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Homework: How to wash windows

You may think it's too cold to wash windows, but it's probably not. Professionals wash windows in the winter unless it's bitter cold. There's no reason you can't be outside if you just dress for the weather.

You may not need to go outdoors if you have some modern windows that tilt inside for easy cleaning or are hinged so you can reach the outside glass with little effort.

While we're at it, it's time to dispel some of the many myths out there about how to get sparkling clean glass. You may swear that vinegar and water is the way to go. Or maybe you love using that blue liquid in a spray bottle. Or are you one who would bet your life on using newspapers to clean glass? If you use newspapers, you're leaving all sorts of ink behind on the glass.

I reached out to the top management of huge companies that clean hundreds of thousands of square feet of glass in giant office buildings to see how the professionals do it. You're not going to believe how simple it is to get glass clean like the pros. And you have just about everything you need in your kitchen right now.


Gather materials. You're going to need a bucket, some clean dry rags, a bottle of liquid dish soap, a sponge and a great squeegee. If you want to work fast like a pro, then you'll maybe want to invest in a lambs-wool cleaning tool that's shaped like a squeegee.

Let's step back and understand the window cleaning process before you get to work. If you were to take a spray bottle of water and go out and spray it on your dirty car and then rub your car with some paper towels or a clean rag, do you think it would be really clean? The answer is no. For the most part, you're just spreading the dirt around. Some dirt will come off the car on the paper towels or rags, but not all of it.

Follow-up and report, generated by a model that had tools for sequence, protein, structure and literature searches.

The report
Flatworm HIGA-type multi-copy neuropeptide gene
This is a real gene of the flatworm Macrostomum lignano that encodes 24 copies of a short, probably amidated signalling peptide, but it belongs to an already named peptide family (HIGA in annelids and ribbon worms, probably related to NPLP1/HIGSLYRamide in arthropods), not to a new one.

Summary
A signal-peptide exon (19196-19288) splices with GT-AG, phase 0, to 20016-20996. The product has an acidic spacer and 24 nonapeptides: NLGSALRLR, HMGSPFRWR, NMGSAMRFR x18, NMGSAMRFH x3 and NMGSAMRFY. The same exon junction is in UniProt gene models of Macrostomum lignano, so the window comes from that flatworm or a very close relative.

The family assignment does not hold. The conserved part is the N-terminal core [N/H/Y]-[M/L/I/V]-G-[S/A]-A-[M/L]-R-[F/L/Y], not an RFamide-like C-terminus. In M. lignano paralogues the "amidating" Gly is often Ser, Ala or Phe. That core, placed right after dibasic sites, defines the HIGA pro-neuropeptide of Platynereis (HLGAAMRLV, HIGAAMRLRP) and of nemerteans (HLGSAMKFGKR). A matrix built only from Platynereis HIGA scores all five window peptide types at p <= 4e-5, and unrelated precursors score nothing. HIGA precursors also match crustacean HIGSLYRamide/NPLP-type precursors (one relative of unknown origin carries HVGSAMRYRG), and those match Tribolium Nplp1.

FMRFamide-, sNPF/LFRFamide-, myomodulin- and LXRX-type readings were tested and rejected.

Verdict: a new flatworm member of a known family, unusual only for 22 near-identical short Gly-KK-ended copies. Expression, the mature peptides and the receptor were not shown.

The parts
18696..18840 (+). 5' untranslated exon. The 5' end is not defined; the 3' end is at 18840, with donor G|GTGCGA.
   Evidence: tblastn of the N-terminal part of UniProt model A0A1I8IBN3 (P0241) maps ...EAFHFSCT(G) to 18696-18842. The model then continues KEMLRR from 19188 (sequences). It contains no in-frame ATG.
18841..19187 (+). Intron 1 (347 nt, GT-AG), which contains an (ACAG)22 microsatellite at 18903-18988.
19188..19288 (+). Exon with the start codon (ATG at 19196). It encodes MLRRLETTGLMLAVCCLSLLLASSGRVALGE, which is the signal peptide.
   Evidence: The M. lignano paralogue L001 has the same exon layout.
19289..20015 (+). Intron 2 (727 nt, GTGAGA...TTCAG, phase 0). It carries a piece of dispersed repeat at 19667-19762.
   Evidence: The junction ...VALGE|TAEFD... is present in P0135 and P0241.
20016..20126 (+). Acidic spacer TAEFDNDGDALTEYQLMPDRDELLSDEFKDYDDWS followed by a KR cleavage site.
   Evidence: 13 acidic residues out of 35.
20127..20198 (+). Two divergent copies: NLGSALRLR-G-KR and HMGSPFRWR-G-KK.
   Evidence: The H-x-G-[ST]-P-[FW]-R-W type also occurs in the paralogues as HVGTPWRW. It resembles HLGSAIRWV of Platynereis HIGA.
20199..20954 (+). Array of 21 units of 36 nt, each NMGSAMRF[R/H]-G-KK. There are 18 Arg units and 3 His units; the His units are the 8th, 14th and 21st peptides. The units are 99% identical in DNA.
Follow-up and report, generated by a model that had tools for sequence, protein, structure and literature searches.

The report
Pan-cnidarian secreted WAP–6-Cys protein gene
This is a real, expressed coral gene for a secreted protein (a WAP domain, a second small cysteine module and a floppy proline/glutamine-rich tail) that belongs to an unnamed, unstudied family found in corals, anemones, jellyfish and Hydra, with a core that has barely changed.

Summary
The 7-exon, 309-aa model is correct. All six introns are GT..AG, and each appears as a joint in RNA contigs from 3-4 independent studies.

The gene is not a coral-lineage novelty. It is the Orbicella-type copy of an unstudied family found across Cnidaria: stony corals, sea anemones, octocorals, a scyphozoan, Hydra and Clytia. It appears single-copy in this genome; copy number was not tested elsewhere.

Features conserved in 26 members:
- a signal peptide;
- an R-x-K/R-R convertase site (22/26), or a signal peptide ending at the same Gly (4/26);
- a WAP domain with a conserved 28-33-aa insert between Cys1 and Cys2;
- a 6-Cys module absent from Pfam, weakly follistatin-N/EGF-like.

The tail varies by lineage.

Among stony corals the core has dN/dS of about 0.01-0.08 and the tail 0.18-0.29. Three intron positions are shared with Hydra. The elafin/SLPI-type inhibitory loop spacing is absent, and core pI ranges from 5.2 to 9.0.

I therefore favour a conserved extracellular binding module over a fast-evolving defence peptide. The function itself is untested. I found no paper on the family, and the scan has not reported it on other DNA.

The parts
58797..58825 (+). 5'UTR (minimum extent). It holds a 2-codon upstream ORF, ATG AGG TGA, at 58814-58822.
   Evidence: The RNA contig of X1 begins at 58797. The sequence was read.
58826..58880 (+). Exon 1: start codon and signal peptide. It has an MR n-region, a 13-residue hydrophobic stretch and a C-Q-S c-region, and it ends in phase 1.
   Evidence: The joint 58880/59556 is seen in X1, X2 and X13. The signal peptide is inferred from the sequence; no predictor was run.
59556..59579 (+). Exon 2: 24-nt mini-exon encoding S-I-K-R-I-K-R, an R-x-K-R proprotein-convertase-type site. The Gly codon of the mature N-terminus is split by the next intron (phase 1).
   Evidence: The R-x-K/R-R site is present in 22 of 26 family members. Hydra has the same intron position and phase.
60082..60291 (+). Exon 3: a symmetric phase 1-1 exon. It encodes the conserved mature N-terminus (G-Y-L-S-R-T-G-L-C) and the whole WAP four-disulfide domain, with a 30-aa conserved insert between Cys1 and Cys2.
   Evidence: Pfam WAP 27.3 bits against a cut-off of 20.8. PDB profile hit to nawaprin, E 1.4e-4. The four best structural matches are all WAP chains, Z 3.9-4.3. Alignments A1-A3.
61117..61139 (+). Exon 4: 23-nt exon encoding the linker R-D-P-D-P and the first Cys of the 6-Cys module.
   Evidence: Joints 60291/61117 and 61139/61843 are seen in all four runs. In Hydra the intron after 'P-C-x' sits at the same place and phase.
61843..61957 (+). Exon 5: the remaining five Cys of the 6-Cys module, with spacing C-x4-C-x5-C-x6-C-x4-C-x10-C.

To get glass clean, you need to cover the glass with a film of water that has a small amount of soap in it and swab the glass with a true cleaning tool to remove the dirt. Most professionals use the lambs-wool cleaning pad tool for this part of the job.


Fill your bucket with two gallons of water. Add 10 drops of liquid dish soap to this water. The soap acts as a lubricant on the glass and helps to cut down on the surface tension of the water.


Dip your sponge or lambs-wool tool into the cleaning water and get it wet. Squeeze out some of the water, but not all of it. You want enough water to be present that the glass surface will get wet and the dirt on the glass will easily transfer to your sponge or lambs-wool tool as it glides across the surface. This is the step where the glass gets clean.


Flip the sponge if necessary to the other side if the glass is exceptionally dirty. Your goal is to transfer all of the dirt from the glass to the sponge or lambs-wool tool in a matter of seconds by floating it across the glass. Professionals can swab a standard-size house window in seconds and achieve this result.


It's now time to use the squeegee. The purpose of the squeegee is to remove just the excess water beads that are on the glass. The squeegee is not cleaning the glass. You've already done this in steps three and four.


It's best to go sideways when using the squeegee, starting at the top of the window. You may make clumsy strokes at first, so be patient. Hold the squeegee at a slight angle much like a snowplow so the excess water is pushed down the window and doesn't go beyond the tip of the squeegee that's pointing to the sky.


After you have squeegeed the entire pane of glass, you may have some water droplets where the glass meets the edge of the window frame. Use your dry rags to wipe this off, never allowing the rag to drift back onto the main part of the glass.

SUMMARY: The next time you see a professional window cleaner, stop and watch how he works. You'll be amazed at the process and how fluid he is with his hand and arm motions. It will take you a while to get as good as he is, but that's OK -- you're working on your dime.

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